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“Questions at the Cross: If Men Do These Things . . . ?
Luke 23:31


Pastor Kevin Vogts
Holy Cross Lutheran Church
Dakota Dunes, South Dakota
Third Sunday in Lent—March 3, 2013

Grace to you and peace from God our Father and the Lord Jesus Christ.  Amen.

During Lent this year, for both our special evening and Sunday morning services, we are considering “Questions at the Cross,” questions asked by Jesus and others during the first Holy Week.  The entire sermon series is listed on the back of today’s bulletin.

This morning we continue with a question Jesus asks those who are weeping over him while he is on his way to Calvary: “A large number of people followed him, including women who mourned and wailed for him. Jesus turned and said to them, ‘Daughters of Jerusalem, weep not for me; weep for yourselves and for your children.  For the time will come when you will say, “Blessed are the barren women, the wombs that never bore and the breasts that never nursed!”  Then “‘they will say to the mountains, “Fall on us!” and to the hills, “Cover us!”’ For if men do these things when the tree is green, what will happen when it is dry?”

Jesus himself is the green tree.  For, in his life on earth he bore such marvelous fruits as men have never seen before or since.  “We beheld his glory,” John says, “the glory as of the only-begotten of the Father, full of grace and truth.”  Peter says in Acts, “Jesus of Nazareth was a man accredited by God to you with miracles, wonders and signs, which God did among you through him. . .  he was handed over to you by God’s set purpose and foreknowledge, and you, with the help of wicked men, put him to death by nailing him to the cross.”

“Weep not for me; weep for yourselves . . . For if men do these things when the tree is green, what will happen when it is dry?”  We are the dry trees, as Paul says in Ephesians, “As for you, you were dead in your trespasses and sins.”  “The ax is already at the root of the trees,” John the Baptist warns, “and every tree that does not produce good fruit will be cut down and thrown into the fire.”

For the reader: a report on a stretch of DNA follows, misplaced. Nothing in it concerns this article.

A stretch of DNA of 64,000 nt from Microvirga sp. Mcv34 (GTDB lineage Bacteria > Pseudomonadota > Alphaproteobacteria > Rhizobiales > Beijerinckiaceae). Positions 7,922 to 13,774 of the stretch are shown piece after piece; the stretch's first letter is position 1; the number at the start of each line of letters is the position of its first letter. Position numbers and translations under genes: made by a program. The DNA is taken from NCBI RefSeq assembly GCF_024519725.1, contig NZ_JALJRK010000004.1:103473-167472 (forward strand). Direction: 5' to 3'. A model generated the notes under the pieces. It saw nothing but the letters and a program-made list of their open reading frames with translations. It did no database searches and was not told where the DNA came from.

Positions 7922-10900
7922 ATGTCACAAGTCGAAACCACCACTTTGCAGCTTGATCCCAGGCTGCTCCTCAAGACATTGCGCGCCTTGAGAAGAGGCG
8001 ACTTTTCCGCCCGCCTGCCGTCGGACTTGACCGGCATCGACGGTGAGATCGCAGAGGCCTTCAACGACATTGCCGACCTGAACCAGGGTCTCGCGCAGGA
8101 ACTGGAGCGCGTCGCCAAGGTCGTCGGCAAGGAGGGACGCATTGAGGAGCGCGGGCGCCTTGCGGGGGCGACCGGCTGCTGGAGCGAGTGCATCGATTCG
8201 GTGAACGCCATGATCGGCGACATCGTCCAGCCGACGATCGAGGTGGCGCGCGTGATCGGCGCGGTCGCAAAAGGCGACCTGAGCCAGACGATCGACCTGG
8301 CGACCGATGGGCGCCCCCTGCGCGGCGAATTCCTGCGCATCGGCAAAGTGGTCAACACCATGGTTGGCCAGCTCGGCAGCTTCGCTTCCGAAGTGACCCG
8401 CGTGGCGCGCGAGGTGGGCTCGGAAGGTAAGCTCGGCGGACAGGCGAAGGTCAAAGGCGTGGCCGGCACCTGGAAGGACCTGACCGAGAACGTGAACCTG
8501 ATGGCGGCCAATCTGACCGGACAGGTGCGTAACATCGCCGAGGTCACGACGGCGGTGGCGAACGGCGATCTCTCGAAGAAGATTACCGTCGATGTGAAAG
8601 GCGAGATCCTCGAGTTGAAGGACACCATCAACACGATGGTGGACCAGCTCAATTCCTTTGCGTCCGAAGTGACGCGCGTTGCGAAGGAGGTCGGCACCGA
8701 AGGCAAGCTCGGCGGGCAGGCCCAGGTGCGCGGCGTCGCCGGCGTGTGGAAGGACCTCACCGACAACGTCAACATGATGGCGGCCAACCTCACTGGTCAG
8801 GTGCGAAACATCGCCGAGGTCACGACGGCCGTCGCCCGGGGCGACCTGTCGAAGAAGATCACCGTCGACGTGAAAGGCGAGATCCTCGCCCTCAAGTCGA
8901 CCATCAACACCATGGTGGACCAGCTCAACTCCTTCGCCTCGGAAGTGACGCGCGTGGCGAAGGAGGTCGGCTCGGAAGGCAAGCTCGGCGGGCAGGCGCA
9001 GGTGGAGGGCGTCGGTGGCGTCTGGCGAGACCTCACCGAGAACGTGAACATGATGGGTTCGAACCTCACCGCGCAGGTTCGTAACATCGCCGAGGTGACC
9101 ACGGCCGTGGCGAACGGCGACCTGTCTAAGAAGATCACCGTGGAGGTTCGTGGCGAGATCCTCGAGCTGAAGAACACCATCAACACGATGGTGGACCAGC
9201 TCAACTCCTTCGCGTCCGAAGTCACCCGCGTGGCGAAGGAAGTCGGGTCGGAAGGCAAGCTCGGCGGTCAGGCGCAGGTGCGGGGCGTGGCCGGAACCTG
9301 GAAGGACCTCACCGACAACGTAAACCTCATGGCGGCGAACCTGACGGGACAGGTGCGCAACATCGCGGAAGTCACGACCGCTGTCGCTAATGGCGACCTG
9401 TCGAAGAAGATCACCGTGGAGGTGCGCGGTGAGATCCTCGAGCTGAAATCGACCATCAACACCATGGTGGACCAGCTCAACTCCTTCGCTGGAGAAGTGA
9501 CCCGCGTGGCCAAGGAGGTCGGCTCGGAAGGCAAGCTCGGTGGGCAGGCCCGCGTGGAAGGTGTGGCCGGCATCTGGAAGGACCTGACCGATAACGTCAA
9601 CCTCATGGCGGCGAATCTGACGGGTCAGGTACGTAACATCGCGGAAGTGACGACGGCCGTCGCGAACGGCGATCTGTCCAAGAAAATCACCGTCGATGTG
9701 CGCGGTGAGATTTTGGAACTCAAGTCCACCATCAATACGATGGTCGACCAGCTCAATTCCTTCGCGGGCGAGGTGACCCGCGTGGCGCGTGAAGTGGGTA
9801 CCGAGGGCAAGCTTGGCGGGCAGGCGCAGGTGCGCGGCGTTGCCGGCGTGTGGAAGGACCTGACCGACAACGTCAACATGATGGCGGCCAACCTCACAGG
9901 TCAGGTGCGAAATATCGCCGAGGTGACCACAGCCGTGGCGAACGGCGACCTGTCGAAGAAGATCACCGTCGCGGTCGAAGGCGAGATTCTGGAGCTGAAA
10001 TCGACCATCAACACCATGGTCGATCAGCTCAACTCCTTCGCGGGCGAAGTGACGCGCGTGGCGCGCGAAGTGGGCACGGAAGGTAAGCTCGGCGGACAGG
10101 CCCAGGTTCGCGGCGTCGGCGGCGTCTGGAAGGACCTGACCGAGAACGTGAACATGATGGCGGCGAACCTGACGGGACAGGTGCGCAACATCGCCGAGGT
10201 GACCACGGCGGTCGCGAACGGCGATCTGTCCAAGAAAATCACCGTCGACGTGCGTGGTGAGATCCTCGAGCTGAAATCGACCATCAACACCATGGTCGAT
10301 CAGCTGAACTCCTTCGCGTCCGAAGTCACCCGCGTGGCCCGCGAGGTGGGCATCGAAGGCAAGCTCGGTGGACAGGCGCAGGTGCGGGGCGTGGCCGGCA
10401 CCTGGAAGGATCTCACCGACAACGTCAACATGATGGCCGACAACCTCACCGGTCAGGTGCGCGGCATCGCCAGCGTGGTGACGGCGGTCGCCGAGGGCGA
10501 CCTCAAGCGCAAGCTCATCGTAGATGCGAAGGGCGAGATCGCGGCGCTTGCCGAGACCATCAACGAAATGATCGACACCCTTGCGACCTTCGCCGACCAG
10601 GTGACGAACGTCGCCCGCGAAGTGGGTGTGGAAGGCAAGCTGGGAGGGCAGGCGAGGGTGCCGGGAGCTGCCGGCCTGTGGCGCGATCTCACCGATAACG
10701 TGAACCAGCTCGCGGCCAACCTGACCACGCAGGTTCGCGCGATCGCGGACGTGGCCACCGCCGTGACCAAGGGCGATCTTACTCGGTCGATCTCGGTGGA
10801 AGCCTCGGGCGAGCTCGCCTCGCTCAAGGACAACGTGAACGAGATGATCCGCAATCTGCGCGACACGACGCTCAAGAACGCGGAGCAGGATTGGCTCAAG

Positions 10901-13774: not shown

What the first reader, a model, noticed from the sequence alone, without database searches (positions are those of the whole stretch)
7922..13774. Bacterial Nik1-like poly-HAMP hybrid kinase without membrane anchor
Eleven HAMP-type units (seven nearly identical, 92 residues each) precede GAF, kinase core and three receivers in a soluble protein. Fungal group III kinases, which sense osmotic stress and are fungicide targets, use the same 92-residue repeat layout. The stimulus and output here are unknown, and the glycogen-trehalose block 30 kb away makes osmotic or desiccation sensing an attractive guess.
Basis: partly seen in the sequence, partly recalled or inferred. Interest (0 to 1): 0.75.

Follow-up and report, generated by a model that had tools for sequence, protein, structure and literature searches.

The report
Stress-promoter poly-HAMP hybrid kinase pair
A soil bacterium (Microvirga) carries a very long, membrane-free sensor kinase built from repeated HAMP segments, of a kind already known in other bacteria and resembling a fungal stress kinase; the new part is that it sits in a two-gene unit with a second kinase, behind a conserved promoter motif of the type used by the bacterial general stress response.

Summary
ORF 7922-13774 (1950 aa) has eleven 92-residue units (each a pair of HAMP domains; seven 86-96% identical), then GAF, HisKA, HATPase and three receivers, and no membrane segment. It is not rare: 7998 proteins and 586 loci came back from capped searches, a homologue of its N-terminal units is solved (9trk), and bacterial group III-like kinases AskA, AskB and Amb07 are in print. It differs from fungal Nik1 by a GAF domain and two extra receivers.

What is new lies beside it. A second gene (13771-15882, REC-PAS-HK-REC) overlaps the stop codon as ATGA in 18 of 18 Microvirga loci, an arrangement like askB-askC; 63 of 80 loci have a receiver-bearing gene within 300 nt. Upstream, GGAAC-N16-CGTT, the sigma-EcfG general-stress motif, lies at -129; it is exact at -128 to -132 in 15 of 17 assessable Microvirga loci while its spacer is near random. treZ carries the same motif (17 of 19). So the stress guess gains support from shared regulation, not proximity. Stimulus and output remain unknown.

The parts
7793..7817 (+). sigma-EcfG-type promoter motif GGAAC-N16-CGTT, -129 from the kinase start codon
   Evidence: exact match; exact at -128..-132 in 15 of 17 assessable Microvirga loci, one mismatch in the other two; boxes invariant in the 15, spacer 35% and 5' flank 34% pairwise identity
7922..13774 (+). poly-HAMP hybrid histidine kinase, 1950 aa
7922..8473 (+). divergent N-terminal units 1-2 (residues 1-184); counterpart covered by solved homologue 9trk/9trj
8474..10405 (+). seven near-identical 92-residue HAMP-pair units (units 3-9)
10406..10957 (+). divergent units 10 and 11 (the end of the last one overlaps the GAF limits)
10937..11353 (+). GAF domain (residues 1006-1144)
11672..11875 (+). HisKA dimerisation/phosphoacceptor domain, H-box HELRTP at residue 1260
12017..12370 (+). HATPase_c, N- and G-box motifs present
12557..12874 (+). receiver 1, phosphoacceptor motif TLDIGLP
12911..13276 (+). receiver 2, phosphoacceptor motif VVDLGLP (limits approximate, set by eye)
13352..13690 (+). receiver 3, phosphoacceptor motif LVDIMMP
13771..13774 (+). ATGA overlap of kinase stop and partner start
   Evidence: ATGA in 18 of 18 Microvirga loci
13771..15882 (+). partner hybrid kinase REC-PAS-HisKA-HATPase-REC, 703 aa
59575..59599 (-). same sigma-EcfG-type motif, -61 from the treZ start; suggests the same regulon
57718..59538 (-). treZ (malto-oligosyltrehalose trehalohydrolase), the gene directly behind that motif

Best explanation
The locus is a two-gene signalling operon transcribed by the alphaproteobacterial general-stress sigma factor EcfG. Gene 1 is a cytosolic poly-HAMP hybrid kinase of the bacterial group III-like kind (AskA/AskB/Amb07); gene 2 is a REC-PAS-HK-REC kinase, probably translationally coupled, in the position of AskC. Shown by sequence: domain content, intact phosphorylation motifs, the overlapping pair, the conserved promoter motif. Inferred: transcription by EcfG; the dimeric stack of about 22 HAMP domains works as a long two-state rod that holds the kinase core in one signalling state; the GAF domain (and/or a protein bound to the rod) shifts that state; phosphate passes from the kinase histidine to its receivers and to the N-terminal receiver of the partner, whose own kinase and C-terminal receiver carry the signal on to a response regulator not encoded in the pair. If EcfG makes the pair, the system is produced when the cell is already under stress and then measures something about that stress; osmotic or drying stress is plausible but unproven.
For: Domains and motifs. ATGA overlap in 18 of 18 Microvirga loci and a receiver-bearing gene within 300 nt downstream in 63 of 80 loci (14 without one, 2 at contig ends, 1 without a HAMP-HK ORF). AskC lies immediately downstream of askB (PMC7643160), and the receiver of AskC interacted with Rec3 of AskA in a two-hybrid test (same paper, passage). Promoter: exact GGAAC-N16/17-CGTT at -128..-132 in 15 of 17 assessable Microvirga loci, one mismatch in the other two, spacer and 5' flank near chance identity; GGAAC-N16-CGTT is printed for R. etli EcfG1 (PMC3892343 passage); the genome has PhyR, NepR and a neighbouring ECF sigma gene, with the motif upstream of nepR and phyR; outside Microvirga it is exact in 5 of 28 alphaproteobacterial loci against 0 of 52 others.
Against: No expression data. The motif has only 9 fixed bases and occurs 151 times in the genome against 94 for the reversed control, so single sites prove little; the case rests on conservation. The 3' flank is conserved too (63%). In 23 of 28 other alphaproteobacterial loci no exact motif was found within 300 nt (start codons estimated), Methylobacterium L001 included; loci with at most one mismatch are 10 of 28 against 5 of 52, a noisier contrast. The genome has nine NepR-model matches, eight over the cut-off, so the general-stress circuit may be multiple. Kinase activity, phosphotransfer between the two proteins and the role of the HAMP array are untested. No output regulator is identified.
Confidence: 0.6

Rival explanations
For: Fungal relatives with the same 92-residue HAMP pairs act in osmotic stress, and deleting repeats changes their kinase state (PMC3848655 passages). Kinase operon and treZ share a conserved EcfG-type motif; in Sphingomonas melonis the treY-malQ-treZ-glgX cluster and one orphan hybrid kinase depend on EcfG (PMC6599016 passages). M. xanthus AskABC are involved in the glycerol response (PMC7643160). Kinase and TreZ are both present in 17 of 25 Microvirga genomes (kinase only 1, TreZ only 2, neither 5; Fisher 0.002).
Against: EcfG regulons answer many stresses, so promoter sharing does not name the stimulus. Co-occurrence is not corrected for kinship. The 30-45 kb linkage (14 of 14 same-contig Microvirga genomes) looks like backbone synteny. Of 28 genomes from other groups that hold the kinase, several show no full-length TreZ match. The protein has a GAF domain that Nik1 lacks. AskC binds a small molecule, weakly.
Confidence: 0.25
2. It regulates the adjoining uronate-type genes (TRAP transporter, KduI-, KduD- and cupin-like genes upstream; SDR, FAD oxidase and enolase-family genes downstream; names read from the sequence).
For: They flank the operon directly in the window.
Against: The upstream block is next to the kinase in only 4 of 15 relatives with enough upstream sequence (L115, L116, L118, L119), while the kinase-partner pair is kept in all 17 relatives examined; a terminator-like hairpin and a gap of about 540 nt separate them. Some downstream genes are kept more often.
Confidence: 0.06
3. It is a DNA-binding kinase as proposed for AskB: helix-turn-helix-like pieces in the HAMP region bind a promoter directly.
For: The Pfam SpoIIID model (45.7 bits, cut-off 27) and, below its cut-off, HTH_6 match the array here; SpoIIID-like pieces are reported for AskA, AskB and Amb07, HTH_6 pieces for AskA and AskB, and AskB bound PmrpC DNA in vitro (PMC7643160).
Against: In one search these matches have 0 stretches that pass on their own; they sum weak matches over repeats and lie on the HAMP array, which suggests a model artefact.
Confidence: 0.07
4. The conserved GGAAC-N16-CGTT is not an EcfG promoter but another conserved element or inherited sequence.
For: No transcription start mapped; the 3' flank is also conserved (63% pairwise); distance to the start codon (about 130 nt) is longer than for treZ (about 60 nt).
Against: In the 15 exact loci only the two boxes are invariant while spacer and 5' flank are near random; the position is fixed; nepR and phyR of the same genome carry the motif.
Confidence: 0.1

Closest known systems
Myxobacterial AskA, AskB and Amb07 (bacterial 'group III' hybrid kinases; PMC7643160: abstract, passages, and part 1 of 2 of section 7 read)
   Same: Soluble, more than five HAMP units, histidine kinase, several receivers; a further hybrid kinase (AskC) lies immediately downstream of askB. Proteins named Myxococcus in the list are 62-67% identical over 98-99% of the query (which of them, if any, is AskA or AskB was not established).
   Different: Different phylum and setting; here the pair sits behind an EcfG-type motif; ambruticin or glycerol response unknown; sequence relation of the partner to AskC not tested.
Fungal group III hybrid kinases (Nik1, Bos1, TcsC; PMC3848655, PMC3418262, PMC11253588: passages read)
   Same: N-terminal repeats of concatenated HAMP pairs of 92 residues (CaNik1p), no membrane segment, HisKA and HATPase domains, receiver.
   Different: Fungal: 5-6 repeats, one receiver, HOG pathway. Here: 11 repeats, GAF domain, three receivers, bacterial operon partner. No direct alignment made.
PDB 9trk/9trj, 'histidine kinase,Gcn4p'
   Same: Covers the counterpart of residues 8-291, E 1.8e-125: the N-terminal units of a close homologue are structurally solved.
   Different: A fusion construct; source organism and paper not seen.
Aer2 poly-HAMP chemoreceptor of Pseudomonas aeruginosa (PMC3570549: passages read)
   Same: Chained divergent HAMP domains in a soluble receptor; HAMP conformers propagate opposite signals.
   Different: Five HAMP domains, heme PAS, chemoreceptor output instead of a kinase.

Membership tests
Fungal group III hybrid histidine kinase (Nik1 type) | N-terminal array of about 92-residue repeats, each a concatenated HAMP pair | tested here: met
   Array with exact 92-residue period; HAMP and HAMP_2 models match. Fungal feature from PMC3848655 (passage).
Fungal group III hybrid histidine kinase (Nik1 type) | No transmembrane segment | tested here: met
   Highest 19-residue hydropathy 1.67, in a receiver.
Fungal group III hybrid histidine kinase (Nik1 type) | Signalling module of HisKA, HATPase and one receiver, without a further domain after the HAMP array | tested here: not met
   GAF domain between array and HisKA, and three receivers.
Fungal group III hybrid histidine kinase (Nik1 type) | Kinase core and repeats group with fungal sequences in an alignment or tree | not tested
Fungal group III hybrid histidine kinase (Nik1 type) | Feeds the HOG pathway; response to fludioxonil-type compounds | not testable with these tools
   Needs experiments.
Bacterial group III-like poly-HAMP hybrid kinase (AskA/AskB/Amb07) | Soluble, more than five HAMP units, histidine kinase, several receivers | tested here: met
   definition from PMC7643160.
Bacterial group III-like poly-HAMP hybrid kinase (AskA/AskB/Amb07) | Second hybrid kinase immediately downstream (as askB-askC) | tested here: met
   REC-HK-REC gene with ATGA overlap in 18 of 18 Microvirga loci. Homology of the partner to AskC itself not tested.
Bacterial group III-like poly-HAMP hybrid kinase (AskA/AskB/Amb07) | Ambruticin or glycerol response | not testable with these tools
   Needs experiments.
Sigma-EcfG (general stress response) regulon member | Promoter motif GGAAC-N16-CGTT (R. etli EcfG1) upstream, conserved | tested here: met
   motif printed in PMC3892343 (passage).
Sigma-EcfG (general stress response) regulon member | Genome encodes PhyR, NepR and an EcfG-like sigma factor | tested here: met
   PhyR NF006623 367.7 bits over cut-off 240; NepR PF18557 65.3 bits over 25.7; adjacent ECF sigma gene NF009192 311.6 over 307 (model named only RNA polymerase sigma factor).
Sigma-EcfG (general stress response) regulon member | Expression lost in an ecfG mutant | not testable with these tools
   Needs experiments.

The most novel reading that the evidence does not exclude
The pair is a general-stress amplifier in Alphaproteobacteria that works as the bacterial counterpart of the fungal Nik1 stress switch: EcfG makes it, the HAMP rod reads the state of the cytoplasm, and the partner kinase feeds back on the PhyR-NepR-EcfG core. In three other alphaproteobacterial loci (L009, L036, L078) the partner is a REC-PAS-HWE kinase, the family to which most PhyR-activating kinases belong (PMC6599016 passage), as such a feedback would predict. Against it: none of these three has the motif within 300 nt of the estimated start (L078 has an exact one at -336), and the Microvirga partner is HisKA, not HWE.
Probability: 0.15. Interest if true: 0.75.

We are the dead, dry trees, under the same judgment as the fruitless tree in today’s Gospel Reading: “I’ve been looking for fruit on this tree and haven’t found any.  Cut it down!”   That is what we all deserve, because we are dead in our trespasses and sins, dry trees, not producing in our lives the fruit God requires.  We deserve to be cut down and thrown into the fire of hell.

“For if men do these things when the tree is green, what will happen when it is dry?”  Jesus is warning us, “If this is how I am slaughtered by humanity, even though I have done nothing wrong and committed no sin—a green tree bearing the perfect fruits of righteousness—then consider how severely all of you as dry trees truly deserve to be punished by God.”  “Weep not for me; weep for yourselves . . . For if men do these things when the tree is green, what will happen when it is dry?”  “I’ve been looking for fruit on this tree and haven’t found any.  Cut it down!”